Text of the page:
Now let’s take book Tara, who I finally stumble upon in the last few chapters of “Dead in Dallas.” First of all, book Tara appears to be white. The book doesn’t mention her race, which is why I know she’s white. Every black or Hispanic person is described as such. Tara is still dating a guy named “Eggs,” but it isn’t clear how they met, and that probably doesn’t matter anyway. Sookie sees them fleetingly at a football game when she goes out for a smidgen of normalcy. Later, it turns out Tara and Eggs are involved in this cult, but hell, you didn’t know anything about them before, so you can’t help your lack of giving a shit. The end. That’s it on Tara.
Another good example, nay! An excellent example of missed opportunities for plot development, is Jason Stackhouse, Sookie’s brother. In “Dead in Dallas,” Sookie infiltrates the Fellowship of the Sun, a cult mascarading as a church where the basis of worship is murdering vampires and their associates. In the book, she goes in, almost gets killed and raped, makes an ally and learns about an organization of shape-shifters, and then gets out. OK, not bad, right? In the show, Sookie shows up at the Fellowship, but has no idea that one of its latest recruits is her brother. Jason has been wary of vampires and did not approve of Bill. While he was still imprisoned for a murder he didn’t commit in the previous season, Fellowship people approached him and insinuated the idea of vampires at the root of all his troubles. So Jason became a soldier of the sun and he felt good about it. He made friends, he fell in love, and then reality came crashing in on him when he realized that his sister is being hunted by the friends he just made. And a hard choice had to be made.
Another excellent idea the show producers had has been introduction of other couples. In the books, Sookie and Bill are initially the hot item, and are more or less the only item. No one else’s relationships are really discussed and Sookie and Bill seem to operate like this: Bill is hungry, he tears clothes off Sookie, drinks her blood and has sex with her. The next day Sookie would like to find out how Bill wants her to dress, so she dresses nice and slutty for him. He puts her in mortal danger and is then concerned, but fails to express said concern as anything other than lust. Rinse and repeat. I’m bored. Admittedly, even though their relationship is much more multidimensional in the show, they still bore me. In fact, the problem I now see with Anna Paquin as Sookie is that she is too perfect as the Sookie in the book. That means she is fairly bland, dressed in something skimpy, and can only think in one direction. Thankfully, the producers added Hoyt (friend of Jason’s, present in book as well but in no way explored) and Jessica (a new vampire Bill was forced to make as punishment who is fascinating in her own right probably due to the fact that she is not part of the book at all). The fledgling vampire and the sweet and awkward country boy try to do what they can to love each other without killing each other and their tenderness is palatable and also exactly what’s missing from Sookie and Bill.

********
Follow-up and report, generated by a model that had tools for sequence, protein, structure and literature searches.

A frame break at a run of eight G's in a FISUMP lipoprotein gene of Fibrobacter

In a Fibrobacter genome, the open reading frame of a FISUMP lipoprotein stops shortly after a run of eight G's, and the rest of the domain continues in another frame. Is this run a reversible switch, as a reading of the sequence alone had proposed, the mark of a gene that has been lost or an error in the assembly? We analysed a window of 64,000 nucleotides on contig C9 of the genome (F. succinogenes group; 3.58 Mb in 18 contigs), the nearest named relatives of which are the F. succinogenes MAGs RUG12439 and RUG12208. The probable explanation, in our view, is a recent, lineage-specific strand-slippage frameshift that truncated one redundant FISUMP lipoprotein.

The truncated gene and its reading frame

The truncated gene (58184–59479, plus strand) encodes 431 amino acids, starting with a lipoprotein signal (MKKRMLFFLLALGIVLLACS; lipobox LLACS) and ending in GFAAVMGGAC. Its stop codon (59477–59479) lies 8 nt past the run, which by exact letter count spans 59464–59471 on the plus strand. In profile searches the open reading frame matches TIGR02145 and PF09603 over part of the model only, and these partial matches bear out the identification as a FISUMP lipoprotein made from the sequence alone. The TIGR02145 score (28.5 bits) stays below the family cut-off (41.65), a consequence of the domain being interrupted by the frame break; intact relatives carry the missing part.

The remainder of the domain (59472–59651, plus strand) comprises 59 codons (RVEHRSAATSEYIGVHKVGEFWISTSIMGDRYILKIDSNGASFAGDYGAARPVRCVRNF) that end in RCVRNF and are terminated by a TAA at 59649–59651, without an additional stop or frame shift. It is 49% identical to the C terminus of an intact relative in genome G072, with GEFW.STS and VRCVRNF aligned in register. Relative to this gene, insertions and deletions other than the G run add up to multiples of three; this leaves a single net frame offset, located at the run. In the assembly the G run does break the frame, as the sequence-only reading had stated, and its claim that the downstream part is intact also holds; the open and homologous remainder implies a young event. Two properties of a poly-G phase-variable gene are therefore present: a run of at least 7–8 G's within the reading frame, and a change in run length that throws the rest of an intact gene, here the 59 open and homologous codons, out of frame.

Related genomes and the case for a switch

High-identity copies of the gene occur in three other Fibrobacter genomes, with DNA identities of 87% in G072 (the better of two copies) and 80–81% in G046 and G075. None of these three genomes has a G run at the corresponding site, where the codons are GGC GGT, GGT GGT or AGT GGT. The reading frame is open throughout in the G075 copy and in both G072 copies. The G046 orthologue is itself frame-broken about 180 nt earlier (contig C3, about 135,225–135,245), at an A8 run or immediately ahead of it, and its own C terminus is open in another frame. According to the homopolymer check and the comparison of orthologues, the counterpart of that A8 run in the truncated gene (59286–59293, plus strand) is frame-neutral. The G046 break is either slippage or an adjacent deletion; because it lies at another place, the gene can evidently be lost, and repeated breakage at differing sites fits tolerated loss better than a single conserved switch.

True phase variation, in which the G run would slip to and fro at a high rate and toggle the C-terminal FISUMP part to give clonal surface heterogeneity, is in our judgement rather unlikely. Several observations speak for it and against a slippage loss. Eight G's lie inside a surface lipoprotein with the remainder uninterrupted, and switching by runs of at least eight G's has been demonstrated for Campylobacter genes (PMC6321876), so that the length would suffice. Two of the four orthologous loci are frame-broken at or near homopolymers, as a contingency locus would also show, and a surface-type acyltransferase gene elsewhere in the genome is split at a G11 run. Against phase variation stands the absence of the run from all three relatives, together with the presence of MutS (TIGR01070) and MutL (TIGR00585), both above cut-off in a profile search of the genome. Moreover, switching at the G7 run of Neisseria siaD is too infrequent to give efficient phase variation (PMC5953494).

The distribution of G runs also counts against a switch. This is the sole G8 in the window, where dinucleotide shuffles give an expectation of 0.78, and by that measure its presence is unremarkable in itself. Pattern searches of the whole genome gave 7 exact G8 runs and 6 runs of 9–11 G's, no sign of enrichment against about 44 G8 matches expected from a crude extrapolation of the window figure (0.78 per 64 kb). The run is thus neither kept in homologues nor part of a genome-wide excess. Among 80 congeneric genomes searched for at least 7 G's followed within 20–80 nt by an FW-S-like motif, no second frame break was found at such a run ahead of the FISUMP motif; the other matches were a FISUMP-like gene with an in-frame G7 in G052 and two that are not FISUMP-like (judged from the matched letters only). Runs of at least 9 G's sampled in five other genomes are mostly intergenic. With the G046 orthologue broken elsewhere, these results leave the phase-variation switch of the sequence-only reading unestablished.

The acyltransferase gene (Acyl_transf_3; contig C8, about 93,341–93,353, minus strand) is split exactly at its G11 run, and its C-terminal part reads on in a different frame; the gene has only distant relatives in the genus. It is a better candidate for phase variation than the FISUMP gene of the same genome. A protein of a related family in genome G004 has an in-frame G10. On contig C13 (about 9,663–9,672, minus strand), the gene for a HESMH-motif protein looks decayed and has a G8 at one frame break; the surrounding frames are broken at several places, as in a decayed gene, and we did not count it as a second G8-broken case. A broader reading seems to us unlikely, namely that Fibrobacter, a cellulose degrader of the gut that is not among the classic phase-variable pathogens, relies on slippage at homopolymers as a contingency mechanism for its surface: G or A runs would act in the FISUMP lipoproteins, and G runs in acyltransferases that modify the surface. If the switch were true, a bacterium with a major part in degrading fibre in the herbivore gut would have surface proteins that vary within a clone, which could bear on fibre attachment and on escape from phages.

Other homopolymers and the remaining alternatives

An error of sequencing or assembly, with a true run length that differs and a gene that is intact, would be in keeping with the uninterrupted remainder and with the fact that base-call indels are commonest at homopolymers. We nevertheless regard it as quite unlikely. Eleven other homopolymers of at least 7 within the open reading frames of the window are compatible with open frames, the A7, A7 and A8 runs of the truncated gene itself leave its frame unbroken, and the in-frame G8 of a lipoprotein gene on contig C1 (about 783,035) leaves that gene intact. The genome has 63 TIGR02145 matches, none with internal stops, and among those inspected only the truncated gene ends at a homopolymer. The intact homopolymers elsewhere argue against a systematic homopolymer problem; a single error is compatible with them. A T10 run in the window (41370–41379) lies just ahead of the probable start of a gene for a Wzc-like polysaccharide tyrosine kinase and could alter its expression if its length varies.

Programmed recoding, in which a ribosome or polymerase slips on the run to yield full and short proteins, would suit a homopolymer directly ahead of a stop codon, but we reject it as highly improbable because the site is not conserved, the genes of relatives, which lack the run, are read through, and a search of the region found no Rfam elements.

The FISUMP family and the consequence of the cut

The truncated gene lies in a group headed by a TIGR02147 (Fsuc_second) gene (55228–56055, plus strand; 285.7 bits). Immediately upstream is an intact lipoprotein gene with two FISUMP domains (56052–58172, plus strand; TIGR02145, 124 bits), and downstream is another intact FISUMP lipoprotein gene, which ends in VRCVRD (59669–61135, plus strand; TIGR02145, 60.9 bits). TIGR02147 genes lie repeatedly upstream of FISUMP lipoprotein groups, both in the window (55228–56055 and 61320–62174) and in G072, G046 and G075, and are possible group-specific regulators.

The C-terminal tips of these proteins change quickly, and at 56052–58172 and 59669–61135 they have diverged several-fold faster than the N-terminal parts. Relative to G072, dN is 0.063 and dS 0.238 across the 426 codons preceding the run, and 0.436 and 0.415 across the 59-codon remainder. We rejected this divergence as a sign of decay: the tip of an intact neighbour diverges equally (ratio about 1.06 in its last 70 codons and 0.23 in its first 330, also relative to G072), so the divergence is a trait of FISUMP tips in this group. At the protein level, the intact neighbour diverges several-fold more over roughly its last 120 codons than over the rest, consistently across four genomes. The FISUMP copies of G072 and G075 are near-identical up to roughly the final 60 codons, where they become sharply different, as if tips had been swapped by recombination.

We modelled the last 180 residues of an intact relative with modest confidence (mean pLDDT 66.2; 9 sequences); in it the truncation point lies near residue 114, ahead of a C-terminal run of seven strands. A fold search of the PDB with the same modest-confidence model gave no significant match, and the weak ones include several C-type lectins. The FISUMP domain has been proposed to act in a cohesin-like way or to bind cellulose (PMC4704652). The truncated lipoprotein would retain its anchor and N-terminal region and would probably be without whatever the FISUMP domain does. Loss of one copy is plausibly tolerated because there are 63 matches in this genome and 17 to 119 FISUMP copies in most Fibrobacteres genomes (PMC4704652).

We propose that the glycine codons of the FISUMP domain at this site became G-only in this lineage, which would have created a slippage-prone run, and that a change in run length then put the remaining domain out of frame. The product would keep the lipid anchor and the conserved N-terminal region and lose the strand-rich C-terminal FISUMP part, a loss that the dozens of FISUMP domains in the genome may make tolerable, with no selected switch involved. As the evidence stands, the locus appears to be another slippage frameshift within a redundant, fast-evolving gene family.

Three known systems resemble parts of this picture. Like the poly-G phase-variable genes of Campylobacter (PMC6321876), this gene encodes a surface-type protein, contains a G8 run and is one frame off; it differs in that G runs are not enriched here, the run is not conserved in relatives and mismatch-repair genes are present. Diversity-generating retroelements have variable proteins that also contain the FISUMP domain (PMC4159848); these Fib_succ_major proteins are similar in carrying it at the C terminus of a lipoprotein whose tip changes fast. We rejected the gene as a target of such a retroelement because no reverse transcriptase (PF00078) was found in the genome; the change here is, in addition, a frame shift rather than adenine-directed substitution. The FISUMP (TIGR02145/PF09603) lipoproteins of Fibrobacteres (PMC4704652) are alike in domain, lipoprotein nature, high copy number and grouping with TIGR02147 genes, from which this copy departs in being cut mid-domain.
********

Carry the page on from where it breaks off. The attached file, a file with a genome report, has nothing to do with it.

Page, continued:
So, watching “True Blood” is a guilty pleasure of mine. Which means that reading the Sookie Stackhouse books can hardly be elevated above just wasting my time. I feel as if I am feeding my brain processed crap of no nutritional value that is going to go straight to fat. The writing style is full of short choppy sentences and very basic vocabulary. Occasionally Sookie will “emerge” out of a vehicle and someone has to “extricate” luggage, but there is a feel of a thesaurus to those sentences as they don’t match the rest of the book’s style at all and aren’t necessary in that context. The story is straightforward. There are mysteries around, but the story isn’t set up to taunt and drop hints throughout, finally giving you a satisfying ending. The mysteries are just parts of the overall plot that haven’t been gotten to, so it’s something surprising that you didn’t know about, but then you had no idea what you were missing until it was handed over to you on a silver platter.
Overall, I highly recommend you find a way to watch “True Blood.” The popularity of the show has made it easy enough to find episodes online if you lack HBO, or you can just go ahead and buy/rent seasons 1&2. I assure you, they’re worthwhile. As to the books, if you are in the mood for a breeze of a book about the supernatural where the overall plot is uncomplicated, but does suck you in by throwing mythical figures into the world, go ahead. Borrow them from your local library. Watch the show first though, so you don’t spoil it needlessly.
So what did I learn from this experiment in cross-media examination? Well, waiting for season three of “True Blood” does suck, but it IS worth it, considering the alternative.
- True Blood Homepage
- Netflix.com has the first season.
- TV Dome, a place you might be able to find episodes, at your own risk
- Tru Blood: A Real Blood Orange Beverage